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This production was always going to be controversial. It replaces Peter Handke’s Voyage to the Sonorous Land or the Art of Asking, cancelled by the former head of the Comédie Française, Marcel Bozonnet, after Handke attended Slobodan Milosevic’s funeral. Bozonnet – whose mandate was not renewed – filled the gap with Pasolini’s last play, Orgia. Not what you’d call playing it safe.
The subject is disturbing, the language deeply poetic. Sadomasochistic rituals play out between Man and Woman, are repeated with Girl, followed by suicides. But the “orgy” is not about frenzied sex, but reaching beyond conventions of communication impossible for outsiders such as Pasolini. The couple are engulfed in words and fantasies that mix lyrical nostalgia for a complex vanished past with a downwards spiral into self-destruction worthy of myth. Life is suspended by day, resumed through destructive sexual release by night: the ultimate freedom is to choose death. The play starts with the voice of the just-hanged man, “my last words have just been spoken”, and ends with the hanging itself and the laconic “at last someone who made good use of his death”.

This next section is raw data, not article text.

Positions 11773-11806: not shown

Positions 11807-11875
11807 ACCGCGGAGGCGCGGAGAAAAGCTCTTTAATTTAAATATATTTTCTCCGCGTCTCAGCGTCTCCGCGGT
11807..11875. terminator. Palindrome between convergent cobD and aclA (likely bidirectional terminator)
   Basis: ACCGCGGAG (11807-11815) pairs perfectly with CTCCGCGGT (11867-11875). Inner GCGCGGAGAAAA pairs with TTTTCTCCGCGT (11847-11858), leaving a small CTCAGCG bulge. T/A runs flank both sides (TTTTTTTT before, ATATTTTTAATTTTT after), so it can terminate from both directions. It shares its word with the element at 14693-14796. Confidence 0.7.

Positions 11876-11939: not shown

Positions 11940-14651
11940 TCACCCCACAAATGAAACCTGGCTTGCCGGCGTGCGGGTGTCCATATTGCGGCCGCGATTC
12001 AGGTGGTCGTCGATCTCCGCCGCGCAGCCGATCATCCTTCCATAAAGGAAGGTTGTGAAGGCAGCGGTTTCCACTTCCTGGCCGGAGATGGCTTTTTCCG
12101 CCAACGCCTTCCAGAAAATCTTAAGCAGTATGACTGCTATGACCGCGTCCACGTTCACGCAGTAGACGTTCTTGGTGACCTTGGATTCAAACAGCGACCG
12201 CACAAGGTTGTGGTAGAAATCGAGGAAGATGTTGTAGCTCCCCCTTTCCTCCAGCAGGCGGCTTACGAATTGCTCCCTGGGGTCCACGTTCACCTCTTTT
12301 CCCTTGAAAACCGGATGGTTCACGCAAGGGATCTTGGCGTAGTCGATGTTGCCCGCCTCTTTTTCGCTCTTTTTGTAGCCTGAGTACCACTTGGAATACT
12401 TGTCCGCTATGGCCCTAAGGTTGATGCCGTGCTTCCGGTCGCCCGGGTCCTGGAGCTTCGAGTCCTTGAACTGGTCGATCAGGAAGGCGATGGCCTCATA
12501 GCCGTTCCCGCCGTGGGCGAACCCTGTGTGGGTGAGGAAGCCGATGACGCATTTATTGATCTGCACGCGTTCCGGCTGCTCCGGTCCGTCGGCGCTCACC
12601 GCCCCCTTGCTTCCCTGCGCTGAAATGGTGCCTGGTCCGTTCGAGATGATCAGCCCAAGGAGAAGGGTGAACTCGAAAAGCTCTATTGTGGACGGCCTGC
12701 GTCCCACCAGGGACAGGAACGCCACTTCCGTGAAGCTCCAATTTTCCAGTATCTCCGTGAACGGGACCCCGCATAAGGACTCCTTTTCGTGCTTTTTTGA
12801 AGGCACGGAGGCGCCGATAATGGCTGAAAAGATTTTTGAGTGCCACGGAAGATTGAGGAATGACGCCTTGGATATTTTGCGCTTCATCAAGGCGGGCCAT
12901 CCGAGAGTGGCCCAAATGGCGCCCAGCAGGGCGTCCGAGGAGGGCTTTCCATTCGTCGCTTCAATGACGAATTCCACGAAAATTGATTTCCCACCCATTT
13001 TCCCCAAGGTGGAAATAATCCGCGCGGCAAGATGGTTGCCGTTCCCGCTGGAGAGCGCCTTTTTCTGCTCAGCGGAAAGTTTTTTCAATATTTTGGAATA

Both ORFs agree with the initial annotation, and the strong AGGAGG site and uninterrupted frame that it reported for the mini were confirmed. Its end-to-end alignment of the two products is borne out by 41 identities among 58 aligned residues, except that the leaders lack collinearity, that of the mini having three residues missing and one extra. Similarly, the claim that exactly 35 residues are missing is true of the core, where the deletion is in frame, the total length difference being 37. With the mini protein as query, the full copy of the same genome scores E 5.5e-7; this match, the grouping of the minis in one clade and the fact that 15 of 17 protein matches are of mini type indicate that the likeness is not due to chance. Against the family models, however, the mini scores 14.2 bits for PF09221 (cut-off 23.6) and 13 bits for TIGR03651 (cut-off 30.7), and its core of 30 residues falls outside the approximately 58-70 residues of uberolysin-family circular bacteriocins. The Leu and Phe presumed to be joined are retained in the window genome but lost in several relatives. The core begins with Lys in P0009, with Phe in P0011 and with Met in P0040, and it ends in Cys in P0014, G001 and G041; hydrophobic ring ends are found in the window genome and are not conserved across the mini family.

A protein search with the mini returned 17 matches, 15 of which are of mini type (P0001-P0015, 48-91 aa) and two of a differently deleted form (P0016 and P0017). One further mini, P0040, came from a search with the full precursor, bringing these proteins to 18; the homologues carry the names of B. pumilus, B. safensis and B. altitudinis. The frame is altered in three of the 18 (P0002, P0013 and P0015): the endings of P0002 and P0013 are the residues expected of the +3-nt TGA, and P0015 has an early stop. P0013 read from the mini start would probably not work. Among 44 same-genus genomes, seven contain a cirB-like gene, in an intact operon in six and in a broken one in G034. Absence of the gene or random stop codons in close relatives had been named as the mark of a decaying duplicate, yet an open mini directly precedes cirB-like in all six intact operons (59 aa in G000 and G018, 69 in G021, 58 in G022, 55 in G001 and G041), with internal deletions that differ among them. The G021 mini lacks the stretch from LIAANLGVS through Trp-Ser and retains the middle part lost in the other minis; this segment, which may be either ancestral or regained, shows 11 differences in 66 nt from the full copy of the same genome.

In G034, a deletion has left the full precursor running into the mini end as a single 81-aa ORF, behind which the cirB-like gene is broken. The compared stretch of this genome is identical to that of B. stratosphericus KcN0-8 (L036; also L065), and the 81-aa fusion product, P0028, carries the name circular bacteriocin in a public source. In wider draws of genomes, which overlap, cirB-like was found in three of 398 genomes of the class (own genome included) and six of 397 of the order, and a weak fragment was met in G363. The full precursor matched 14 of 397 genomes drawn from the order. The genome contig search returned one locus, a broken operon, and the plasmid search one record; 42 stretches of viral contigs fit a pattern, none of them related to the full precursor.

Bozonnet’s naturalistic treatment places difficult demands on his actors and weakens the text’s resonance. Initially, it works: the couple on their homely bicycle weave words on a bare stage of earth, with Adeline Caron’s set well-suited to their evocation of rural arcadia. But when talk turns to action, we get no-holds-barred bondage and beating. Enigma and poetry are suffocated by this over-explicit treatment while the second scene, prelude to infanticide, lacks a sense of claustrophobia.
The performances, though, have conviction and luminosity. Alain Fromager’s Man has a deceptive ordinariness that explodes into violence. Cécile Brune’s Woman splices hoarse, trembling anticipation with submission. Lucile Arché plays the Girl with sensual lucidity.
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